It is her gift for characterisation, however, that makes The Translation Of Love such a riveting read.
If you like this, read: All The Light We Cannot See by Anthony Doerr (Scribner, 2014, $16.84, Books Kinokunyia), about how the lives of a blind French girl and a young German soldier intersect during World War II.
THE BIG RED BOOK OF MODERN CHINESE LITERATURE: WRITINGS FROM THE MAINLAND IN THE LONG TWENTIETH CENTURY
By Yunte Huang
W. W. Norton/Paperback/605 pages/$72.26/ Books Kinokuniya/4 stars
This 600-page anthology has a lofty goal: to find the soul of modern China, declares its editor, Yunte Huang, a China-born professor at the University of California (Santa Barbara). To that end, it draws on the work of more than 50 writers and is divided into three parts, the Republican era (1911-49), the revolutionary era (1949-76) and the Post-Mao era (1976 to present).
While anthologies can be choppy and unsatisfying, Huang's lovingly curated collection, ranging from excerpts from modern Chinese classics, poetry in both classical and experimental styles, and lyrics by China's Bruce Springsteen, rocker Cui Jian, takes the reader on a ride through modern China. Its polyvocal quality shows that there is no one soul of modern China, but many souls, comprising different points of view from the 20th-century Chinese high and low culture.
The conscientious inclusion of canonic Chinese patriotic writers - Lu Xun, Mao Dun, Lao She and Ba Jin - suggests Huang believes in the primacy of the political story of China. The sociopolitical commentary is spot-on in some cases, like in Lu Xun's seminal Diary Of A Madman which criticises the tyranny of social mores through the narrator's view of the world as a cannibalistic society bent on eating him. But others can seem didactic, such as Lin Yutang's essay My Country And My People. He details the misperceptions of China through the eyes of foreign experts "who cannot talk three syllables of Chinese". It is interesting that many of Lin's refrains on the misperceptions of China would still ring relevant to Chinese readers, but reading several of these moralistic and patriotic works at one go can be tedious, even if the texts exemplify the concerns of intellectuals during those times.
Admirably, the anthology includes more intimate works, giving the reader a sense of how individuals dealt with the turbulence of dramatic change in Chinese society.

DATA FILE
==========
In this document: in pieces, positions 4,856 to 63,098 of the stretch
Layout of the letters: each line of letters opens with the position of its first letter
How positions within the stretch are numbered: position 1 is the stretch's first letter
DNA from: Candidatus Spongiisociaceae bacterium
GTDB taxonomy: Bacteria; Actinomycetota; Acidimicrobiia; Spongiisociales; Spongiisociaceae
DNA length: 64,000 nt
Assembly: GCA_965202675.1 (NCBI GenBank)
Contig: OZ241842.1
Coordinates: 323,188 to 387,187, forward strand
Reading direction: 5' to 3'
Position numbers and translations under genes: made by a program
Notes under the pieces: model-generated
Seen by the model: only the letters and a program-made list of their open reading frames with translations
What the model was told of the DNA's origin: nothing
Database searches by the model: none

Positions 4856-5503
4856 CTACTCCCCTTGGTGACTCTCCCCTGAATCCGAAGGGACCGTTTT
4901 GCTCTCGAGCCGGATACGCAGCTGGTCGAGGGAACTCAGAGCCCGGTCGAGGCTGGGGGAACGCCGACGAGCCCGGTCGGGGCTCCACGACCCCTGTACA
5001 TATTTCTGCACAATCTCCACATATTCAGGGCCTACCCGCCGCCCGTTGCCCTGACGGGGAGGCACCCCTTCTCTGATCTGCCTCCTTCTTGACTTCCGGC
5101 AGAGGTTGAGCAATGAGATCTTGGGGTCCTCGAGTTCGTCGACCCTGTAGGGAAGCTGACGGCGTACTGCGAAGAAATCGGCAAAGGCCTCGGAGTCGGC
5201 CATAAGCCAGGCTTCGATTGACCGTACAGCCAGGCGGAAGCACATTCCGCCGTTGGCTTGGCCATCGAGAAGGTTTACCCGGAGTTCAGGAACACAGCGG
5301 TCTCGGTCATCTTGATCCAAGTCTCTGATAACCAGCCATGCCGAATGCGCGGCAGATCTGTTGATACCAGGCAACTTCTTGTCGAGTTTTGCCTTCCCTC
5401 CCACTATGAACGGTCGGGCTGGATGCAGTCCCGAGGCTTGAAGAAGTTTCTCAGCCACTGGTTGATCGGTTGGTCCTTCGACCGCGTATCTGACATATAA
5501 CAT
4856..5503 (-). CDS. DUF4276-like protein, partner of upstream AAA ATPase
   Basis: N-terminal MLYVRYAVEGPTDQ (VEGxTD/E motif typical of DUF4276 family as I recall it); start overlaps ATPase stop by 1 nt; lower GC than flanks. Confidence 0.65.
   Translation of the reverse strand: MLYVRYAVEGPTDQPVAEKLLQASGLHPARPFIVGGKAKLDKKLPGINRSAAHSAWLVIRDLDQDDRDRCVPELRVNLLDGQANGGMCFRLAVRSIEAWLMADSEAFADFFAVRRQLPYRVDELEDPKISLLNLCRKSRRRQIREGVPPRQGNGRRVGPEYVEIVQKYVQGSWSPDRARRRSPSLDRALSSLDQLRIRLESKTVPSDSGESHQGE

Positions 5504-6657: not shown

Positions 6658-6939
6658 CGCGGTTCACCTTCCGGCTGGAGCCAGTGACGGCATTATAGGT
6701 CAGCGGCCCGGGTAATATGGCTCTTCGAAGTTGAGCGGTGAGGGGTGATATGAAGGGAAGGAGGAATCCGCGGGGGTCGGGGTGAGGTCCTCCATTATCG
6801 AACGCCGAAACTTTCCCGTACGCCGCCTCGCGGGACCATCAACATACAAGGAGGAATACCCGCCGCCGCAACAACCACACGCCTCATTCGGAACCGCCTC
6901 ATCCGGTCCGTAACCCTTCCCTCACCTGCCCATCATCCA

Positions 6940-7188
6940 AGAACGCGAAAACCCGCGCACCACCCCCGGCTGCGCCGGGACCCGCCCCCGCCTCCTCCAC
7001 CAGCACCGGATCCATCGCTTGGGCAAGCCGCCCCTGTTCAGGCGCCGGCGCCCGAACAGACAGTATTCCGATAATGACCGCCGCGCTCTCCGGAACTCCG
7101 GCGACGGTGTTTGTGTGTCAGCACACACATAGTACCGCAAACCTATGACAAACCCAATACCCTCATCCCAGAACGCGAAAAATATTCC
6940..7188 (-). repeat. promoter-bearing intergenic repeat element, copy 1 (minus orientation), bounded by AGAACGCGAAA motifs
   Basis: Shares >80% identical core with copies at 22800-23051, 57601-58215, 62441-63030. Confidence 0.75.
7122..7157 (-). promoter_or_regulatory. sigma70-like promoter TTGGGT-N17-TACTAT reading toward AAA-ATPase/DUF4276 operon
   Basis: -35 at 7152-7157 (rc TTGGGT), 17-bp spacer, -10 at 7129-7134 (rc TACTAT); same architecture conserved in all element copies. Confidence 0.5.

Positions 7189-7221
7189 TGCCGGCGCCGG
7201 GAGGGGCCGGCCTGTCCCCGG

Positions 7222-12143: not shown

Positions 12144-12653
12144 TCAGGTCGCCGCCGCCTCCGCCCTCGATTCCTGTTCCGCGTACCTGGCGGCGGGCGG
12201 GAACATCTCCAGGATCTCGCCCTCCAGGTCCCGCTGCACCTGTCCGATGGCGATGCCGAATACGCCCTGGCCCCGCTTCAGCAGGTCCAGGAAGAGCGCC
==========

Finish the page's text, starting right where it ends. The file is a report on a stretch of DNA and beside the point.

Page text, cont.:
A stand out is feminist writer Ding Ling's subversive novel Miss Sophia's Diary, about the inner life of a young, tubercular girl who moves to Beijing. She is a fascinating narrator, at once calculating and vulnerable, exemplifying the modern girl trying to find her identity in a modern world.
The tome includes many well- known Chinese writers, but also a few offbeat choices in poems, song lyrics. There is more than enough here to rekindle interest for the seasoned reader, but also makes for a thrilling introduction to modern Chinese literature.
If you like this, read: The Columbia Anthology Of Modern Chinese Literature by Joseph S. M. Lau (W. W. Norton & Co, 2016, $57.81, Books Kinokuniya), which gives a comprehensive overview of 20th-century Chinese writing from China, Taiwan and Hong Kong.
Lee Xin En
By Hideo Yokoyama translated from Japanese by Jonathan Lloyd-Davies Quercus/Paperback/640 pages/ $32.95/ Books Kinokuniya/4 stars
The lone wolf stereotype beloved of Western thriller writers is overturned in this Japanese police procedural.
Lee Child's Jack Reacher and Michael Connelly's Harry Bosch may fight for justice solo, but Hideo Yokoyama's Superintendent Yoshinobu Mikami fears ostracism as much as he wants to solve a 14-year-old case of kidnapping and murder.
Police officers in Japan consider themselves part of the same family. Like any extended family, there is a rigid hierarchy and every member knows his place. To refuse to conform is to court professional and personal destruction.
Mikami is already dangerously on the fringe. Once a respected investigator, he has been transferred to the post of press director. He is excluded from active investigations and treated as a hostile by both his colleagues on the frontlines and the journalists he has to feed at daily briefings.
When he scents the possibility of solving a case that still haunts him, the ingrained habit of following orders prevents him from following the trail. Any mis-step will mean the end of his career and any hope that fellow officers will continue the search for his runaway daughter.
Six Four is a fascinating addition to the ranks of Japanese crime novels translated into English. Popular books thus far, such as those by Keigo Higashino, build on tropes familiar to the audience such as Sherlock-style investigators. Yokoyama, however, entices by presenting the unfamiliar.
Mikami's desire to toe the line would be laughable for Reacher or Bosch.